Electricity, Elections, and the Need for Full-On Engagement
With NAPW's electricity back on after Hurricane Sandy and the elections over, there is much to celebrate and even more to do. As the New York Times editorial the day after the election warned: No one should expect a post election letup in the continuing courtroom fights over state efforts to restrict women's access to safe and legal abortions. National Advocates for Pregnant Women knows that this continuing, post-election fight extends to all pregnant women, not just those seeking to terminate a pregnancy.
A pro-choice president was re-elected, but Bei Bei Shuai and Rennie Gibbs both still face trials for murder for having suffered stillbirths.
Democrats, most of them pro-choice, won a majority in the US Senate, but Roy Moore, the former Alabama judge who refused a federal order to remove a two-ton monument of the Ten Commandments from the state judicial building, was just re-elected as the Chief Justice of the Alabama Supreme Court. This is the court that will soon hear oral argument in the Ankrom and Kimbrough cases addressing whether the word "child" as used in Alabama's criminal laws includes fertilized eggs, embryos, and fetuses and thus exclude pregnant women from the protections afforded by the United States and Alabama constitutions.
The drug policy reform movement won unprecedented victories in Colorado and Washington State with the electorate voting to legalize marijuana. But, since August we know of at least 22 women who have been arrested because they went to term in spite of having used an illegal drug. Five of these women, all in Alabama, were arrested when they gave birth to newborns who tested positive for marijuana.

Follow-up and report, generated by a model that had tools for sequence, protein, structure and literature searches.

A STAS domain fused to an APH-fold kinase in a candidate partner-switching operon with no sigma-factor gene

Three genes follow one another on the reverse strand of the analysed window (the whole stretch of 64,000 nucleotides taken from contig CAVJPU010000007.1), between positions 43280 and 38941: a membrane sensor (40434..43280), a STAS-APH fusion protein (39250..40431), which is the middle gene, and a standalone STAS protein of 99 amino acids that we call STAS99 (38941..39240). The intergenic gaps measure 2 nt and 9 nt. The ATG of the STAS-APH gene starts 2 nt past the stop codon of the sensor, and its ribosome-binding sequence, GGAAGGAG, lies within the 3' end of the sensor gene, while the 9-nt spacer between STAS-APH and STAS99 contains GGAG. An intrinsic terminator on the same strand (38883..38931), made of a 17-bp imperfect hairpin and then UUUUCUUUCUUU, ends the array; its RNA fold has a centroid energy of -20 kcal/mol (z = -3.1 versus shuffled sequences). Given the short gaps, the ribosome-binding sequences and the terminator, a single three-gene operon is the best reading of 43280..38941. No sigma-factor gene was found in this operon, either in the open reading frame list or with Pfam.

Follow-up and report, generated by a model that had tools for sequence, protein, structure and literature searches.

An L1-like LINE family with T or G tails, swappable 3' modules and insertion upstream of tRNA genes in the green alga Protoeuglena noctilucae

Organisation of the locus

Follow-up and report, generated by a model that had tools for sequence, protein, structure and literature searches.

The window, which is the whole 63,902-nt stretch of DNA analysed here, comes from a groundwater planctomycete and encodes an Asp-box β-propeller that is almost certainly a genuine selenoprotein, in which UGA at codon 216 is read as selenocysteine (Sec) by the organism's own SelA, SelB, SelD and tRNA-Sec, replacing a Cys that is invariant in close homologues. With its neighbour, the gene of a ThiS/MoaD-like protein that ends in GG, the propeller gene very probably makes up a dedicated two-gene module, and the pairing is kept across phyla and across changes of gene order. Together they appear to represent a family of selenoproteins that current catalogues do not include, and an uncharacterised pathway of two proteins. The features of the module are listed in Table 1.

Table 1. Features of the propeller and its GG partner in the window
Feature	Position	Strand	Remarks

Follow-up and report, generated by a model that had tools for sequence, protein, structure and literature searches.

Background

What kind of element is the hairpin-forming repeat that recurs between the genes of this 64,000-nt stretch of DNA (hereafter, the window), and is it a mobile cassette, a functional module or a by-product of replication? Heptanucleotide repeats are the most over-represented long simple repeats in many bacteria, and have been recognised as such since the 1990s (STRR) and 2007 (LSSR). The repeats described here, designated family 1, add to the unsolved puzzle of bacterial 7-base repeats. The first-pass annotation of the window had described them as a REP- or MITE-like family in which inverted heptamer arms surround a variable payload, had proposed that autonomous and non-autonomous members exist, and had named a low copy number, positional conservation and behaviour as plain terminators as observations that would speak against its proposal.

The ballot measure in Florida opposing implementation of the Affordable Care Act failed, but low-income pregnant women still face discrimination in funding for abortions due to the Hyde Amendment. All pregnant women still face limited access to midwifery care, birthing centers, and abortion care.
In other words, we need to celebrate AND we need to keep fighting!
NAPW, with our colleagues and allies, is continuing to fight for all pregnant women, including Bei Bei Shuai. For example, NAPW is helping trial counsel ensure that cases involving pregnant women are decided based on science, not prejudice or presumption. Ms. Shuai's trial attorney Linda Pence, of Pence Hensel LLC, did exactly that in October when she argued that testimony from Dr. Jolene Clouse (whose autopsy report provides the basis for the murder charge against Ms. Shuai) should be excluded from trial. As reported in the news, Ms. Pence relentlessly questioned Dr. Clouse and elicited testimony that she "had not consulted experts in fetal medicine or toxicology and had done limited research before the autopsy. She said she had found one study that supported her conclusions, but she couldn't remember where she had seen it or who had done it, and hadn't saved it in her records." In addition, Ms. Pence was able to expose Clouse's opposition to abortion.
Also, in October, groups at Indiana's Butler University, (Demia, Global & Historical Studies, and Gender, Women, and Sexuality Studies) organized a fantastic grassroots educational event entitled The State of Indiana v. Bei Bei Shuai: Pregnant Women Need Support, Not Prison. It featured Linda Pence, Professor David Orentlicher (counsel for scores of public health groups opposing Ms. Shuai's prosecution), and NAPW's Executive Director, Lynn Paltrow who spoke to a standing room only crowd. The event made the news, including the IndyChannel who reported that:
Supporters of Shuai contend convicting her will have far-reaching consequences. "It's talking about a system of law in which every pregnant woman can be subject to state authority from the moment she conceives," explained Lynn Paltrow, with the National Advocates for Pregnant Women via Skype.
The elections are over but we still need you and your support to ensure that pregnant women retain their civil and human rights.